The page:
We know we don’t have a job anymore, but it doesn’t feel that way. We just developed a different daily routine and cycling is our new job.
Our daily routine
On cycling days this is how that routine generally looks like:
- 7.00 Wake up
– Pack our sleeping bag, pillow & sleeping mat
– Stuff it into a front pannier bag
– Get dressed in our cycling outfit
– Pack up the rest of our stuff
– Pack all of our gear onto the bikes
- 07.45 Breakup the tent
- 08.00 Make breakfast and boil two eggs for the lunch. Drink some tea, have a cup of coffee and have breakfast
- 8.25 Last things
– Put on sunscreen SPF 50
– Pump some extra air in our tires
– Fill our bottles with water
- 8.30 Give eachother a high five & we’re off
- 10.00 Two latte’s somewhere
- 12.00 Build some sandwiches and have lunch
- 16.00 Arrive at campsite and do some grossiers
- 16.30 Pitch the tent
- 18.00 Have a shower
- 18.30 Make dinner and have dinner
- 20.00 Do the dishes
- 21.30 ZzzzZzzzz
And thats what we did most of the days last week…
What makes traveling awesome
We left Whitianga for a 68 km ride along the coast. A bit hily and a lot of traffic but mostly a beautiful scenic route. We had some great coffee at a lovely spot (can’t remember the name).
Just before lunch we did some groceries and met Martin who invited us for lunch at his vacationhome. Because we had a rear pannier stuffed with food, lunch wasn’t necessary but the invite for a cup of tea sounded pretty good. So we had lunch on a terras overlooking a beautiful bay with good company.
This is what traveling is about and without a doubt the kiwi’s are enormously welcoming people.
We ended up in Oputerer on a cosy campsite. We pitched our tent, took a swim and baked some panecakes. Just an awesome day!
The following day we were lazy, so we took it slow. Because we thought is would be a easy day, just 55km mostly ‘flat’. After lunch the wind picked up and we had to battle a absurt strong headwind. We even had to cycle hard to get downhill. A new experience in cycling for us which was pretty tiring. We had a cosy evening with a fellow Dutch cyclist, who shared his bottle of red wine with us.
Hauraki Rail Trail
New Zealand has been investing a lot in creating all kind of cycle trails, eventually with the goal to connect them all together. We did the Hauraki Rail Trail, which was wonderful. Cycling past a old train track and going through a gorge and a kilometer long tunnel. And this day we past the 500 kilometers.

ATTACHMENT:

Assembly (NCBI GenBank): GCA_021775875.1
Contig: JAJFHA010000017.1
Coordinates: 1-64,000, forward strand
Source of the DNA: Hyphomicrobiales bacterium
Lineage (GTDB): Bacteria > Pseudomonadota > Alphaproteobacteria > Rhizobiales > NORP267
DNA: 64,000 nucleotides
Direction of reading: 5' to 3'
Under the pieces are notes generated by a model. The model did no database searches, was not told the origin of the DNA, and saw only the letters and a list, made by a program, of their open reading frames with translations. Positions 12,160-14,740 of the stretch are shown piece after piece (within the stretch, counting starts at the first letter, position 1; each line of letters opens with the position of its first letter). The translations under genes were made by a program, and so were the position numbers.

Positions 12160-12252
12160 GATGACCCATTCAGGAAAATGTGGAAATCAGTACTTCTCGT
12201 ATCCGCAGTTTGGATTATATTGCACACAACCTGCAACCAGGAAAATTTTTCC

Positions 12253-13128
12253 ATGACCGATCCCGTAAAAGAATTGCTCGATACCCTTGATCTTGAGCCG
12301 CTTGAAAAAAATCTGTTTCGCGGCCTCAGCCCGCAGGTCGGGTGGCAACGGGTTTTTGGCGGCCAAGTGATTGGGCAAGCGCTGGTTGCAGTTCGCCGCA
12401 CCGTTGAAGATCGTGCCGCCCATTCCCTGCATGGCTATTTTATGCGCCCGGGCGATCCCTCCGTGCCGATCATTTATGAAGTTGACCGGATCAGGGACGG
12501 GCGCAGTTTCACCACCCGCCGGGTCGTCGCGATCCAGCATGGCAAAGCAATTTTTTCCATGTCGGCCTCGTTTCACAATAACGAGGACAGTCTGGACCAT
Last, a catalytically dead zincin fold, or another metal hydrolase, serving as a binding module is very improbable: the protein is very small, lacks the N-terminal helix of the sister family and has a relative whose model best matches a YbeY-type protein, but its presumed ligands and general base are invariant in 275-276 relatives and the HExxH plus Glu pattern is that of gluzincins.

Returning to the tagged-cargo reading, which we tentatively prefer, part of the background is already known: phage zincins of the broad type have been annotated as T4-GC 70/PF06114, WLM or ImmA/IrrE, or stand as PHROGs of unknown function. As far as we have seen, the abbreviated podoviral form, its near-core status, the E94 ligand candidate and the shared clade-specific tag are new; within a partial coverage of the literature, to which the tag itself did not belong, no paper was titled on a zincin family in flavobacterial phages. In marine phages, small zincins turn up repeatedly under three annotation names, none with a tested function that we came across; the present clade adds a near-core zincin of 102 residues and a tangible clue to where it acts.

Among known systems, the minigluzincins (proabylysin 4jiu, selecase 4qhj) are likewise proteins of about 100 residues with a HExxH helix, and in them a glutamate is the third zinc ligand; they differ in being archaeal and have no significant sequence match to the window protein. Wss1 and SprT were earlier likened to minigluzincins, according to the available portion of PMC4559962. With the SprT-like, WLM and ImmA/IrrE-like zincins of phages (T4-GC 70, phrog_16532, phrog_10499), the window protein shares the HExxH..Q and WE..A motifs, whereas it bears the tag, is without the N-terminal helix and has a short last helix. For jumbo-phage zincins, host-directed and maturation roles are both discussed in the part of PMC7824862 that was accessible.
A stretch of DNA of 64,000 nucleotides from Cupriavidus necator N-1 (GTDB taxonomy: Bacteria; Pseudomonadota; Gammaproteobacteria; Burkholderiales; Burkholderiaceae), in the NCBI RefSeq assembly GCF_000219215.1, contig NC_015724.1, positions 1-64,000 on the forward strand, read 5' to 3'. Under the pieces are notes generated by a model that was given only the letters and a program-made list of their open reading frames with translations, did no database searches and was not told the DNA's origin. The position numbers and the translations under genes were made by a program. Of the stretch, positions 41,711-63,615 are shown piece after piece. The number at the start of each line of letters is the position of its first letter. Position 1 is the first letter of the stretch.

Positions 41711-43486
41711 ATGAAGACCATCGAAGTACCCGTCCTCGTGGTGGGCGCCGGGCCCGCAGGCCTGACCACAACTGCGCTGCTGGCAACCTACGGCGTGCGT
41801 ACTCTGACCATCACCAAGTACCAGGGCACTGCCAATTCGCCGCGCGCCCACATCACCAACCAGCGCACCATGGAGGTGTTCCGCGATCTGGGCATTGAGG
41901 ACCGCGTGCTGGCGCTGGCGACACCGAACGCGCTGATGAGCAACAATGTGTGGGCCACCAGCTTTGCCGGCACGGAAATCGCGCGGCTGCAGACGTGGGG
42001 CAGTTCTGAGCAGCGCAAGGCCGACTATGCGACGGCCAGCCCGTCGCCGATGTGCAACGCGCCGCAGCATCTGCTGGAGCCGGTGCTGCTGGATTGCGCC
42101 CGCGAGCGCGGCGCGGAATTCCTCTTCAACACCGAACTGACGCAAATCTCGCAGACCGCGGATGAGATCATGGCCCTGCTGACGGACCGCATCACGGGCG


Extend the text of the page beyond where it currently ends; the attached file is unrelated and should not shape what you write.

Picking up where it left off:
The city that smells like rotten eggs, because of it’s vulcanic and geothermal environment. We stayed 6km out of the city because of that smell. It’s really weird to see such a natural phenomenon all around the town and it’s urban environment. You walk through a park, see thermal area’s and take a warm footbath a couple meters later. Our stay in Rotorua was okay, but not our preferred place to be.
Lost not found
We started with coffee in Rotorua and then followed Te ara ahi cycle trail passing more vulcanic activities. The trail started off riding along the highway but became a grade 2 MTB trail. Not made for two fully packed trekking bikes, but we made it and had a LOT of fun. The day ended with a 3 hour search for our GoPro which we lost in the last section. No luck, so we lost the camera and a week of footage :(. Nevertheless it was a great day! The next day we did the last 60km to Taupo
Our first proper NZ hike
In Taupo we stayed a couple of days to give our legs a rest again and enjoy the town, the thermal pools and the Tongariro Crossing. We also had to organize our transport to the South Island.
The Tongariro crossing was great. We started at 7 am (had to wake-up at 4am), but that made the climb pleasant because of the morning cold. We loved to be hiking again and 20km was a pleasant distance. The vulcanic scenery was beautiful and unique.
Heading down south
Tomorrow we are taking the bus to Wellington and take to ferry to the southern island. Where we are going to spend the rest of our time in New Zealand.
Some footage shot with a new GoPro 😐